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Sunday 21st July 2019

Spiritual retreat helps heart patients

2nd August 2011

US researchers say patients with depression linked to severe heart problems can benefit from a spiritual retreat.


A team at the University of Michigan Health System found that attending a non-denominational spiritual retreat helped the patients feel less depressed and more hopeful about the future.

Participants in the study attended a four-day retreat which offered drumming, journal writing, outdoor activities and meditation, but that was not linked to any particular spiritual or religious tradition.

Heart patients who took part reported an immediate improvement in tests measuring depression and hopefulness.

The boost to mental health appeared not to have worn off three months, and even six months, later.

The randomised clinical trial was designed to test an intervention to raise hope in acute coronary syndrome patients, who have usually suffered chest pain and heart attack.

Patients respond differently, previous research shows, to an uncertain future, depending on how hopeful they feel.

University of Michigan integrative medicine expert and family medicine professor Sara Warber said the spiritual retreat - known as Medicine for the Earth - showed that such activities could jumpstart a person's feeling of well-being.

The study lead author said psycho-spiritual well-being such as that offered by such activities might be of particular interest to patients who do not want to take antidepressants.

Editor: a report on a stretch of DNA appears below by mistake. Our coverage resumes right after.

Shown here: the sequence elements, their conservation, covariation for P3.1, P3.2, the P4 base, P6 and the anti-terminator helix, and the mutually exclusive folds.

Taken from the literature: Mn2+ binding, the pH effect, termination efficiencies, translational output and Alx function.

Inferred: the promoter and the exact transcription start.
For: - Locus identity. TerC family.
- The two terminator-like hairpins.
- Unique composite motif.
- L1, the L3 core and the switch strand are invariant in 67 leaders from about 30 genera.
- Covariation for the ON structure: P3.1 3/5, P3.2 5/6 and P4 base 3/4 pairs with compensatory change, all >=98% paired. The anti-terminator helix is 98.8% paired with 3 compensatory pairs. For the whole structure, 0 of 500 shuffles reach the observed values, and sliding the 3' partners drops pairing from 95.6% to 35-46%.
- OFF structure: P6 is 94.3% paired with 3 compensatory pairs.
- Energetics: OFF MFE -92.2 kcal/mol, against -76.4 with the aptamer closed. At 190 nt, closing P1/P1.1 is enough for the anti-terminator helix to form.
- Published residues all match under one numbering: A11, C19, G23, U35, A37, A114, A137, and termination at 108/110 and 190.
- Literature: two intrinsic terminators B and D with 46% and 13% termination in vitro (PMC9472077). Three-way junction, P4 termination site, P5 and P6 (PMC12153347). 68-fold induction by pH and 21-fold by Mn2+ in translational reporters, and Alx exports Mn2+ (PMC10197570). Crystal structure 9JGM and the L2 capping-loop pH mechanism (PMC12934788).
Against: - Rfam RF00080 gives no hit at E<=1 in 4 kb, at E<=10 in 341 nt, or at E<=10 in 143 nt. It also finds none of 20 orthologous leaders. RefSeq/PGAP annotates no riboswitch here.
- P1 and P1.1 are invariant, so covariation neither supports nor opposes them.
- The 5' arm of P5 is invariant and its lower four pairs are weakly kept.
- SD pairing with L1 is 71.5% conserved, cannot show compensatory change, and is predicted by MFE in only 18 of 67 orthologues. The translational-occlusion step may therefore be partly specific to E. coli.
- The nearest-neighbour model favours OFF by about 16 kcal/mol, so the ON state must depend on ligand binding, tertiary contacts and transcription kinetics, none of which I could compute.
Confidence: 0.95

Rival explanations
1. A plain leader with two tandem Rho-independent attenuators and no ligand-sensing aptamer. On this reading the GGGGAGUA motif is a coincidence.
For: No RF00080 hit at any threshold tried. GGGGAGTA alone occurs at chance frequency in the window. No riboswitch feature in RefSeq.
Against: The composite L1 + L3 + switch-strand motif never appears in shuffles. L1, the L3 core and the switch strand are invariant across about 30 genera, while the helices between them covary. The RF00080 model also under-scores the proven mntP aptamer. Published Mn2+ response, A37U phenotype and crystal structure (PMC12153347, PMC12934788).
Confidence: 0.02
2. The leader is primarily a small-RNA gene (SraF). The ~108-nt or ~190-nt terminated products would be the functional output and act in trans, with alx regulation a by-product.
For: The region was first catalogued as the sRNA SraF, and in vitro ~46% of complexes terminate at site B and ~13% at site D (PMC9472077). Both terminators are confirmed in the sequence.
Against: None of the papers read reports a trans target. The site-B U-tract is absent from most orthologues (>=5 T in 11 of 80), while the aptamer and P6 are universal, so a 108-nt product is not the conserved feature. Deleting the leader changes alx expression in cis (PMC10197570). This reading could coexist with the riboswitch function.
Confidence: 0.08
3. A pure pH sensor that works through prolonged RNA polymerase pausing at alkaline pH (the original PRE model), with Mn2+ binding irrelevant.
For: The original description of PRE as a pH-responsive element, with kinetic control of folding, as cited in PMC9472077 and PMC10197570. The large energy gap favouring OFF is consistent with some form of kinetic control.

Depression symptoms often accompany coronary heart disease and heart attack.

Publishing their study results in Explore: the Journal of Science and Healing, the researchers compared the retreat group to two other groups, one of which had received standard cardiac care, and the other of which had taken part in a programme of nutrition, physical exercise and stress management.

When the groups were assessed using standard mental and physical benchmarks, the spiritual retreat group was found to have moved from a baseline score of 12 on the Beck Depression Inventory, indicating mild to moderate depression, to an improved score of 6 immediately afterward, a 50% reduction.

In three- and six-month follow-ups, their scores remained that low, according to the article, "Healing the Heart: A Randomised Pilot Study of a Spiritual Retreat for Depression in Acute Coronary Syndrome Patients."

Meanwhile, the group that had attended the lifestyle programme saw its scores fall from 11 to 7 on the Beck inventory and remain there half a year later. The lifestyle group saw their scores drop from 11 to 7 and remain there.

The standard cardiac care control group's score started at 8 and went down to 6.

However, the spiritual retreat showed the biggest results in the measurements of how hopeful participants felt, both immediately afterwards and six months later.

People who attended the Medicine for the Earth programme saw their scores rise from around 36 to above 40, compared with scores that remained between 35 and 38 for the other two groups.

Warber said the study highlighted the importance of spiritual and psychological well-being in patients with serious medical problems.

The Medicine for the Earth programme is based on the work of shamanic practitioner Sandra Ingerman, and encourages people to see themselves as part of an interconnected web of life.

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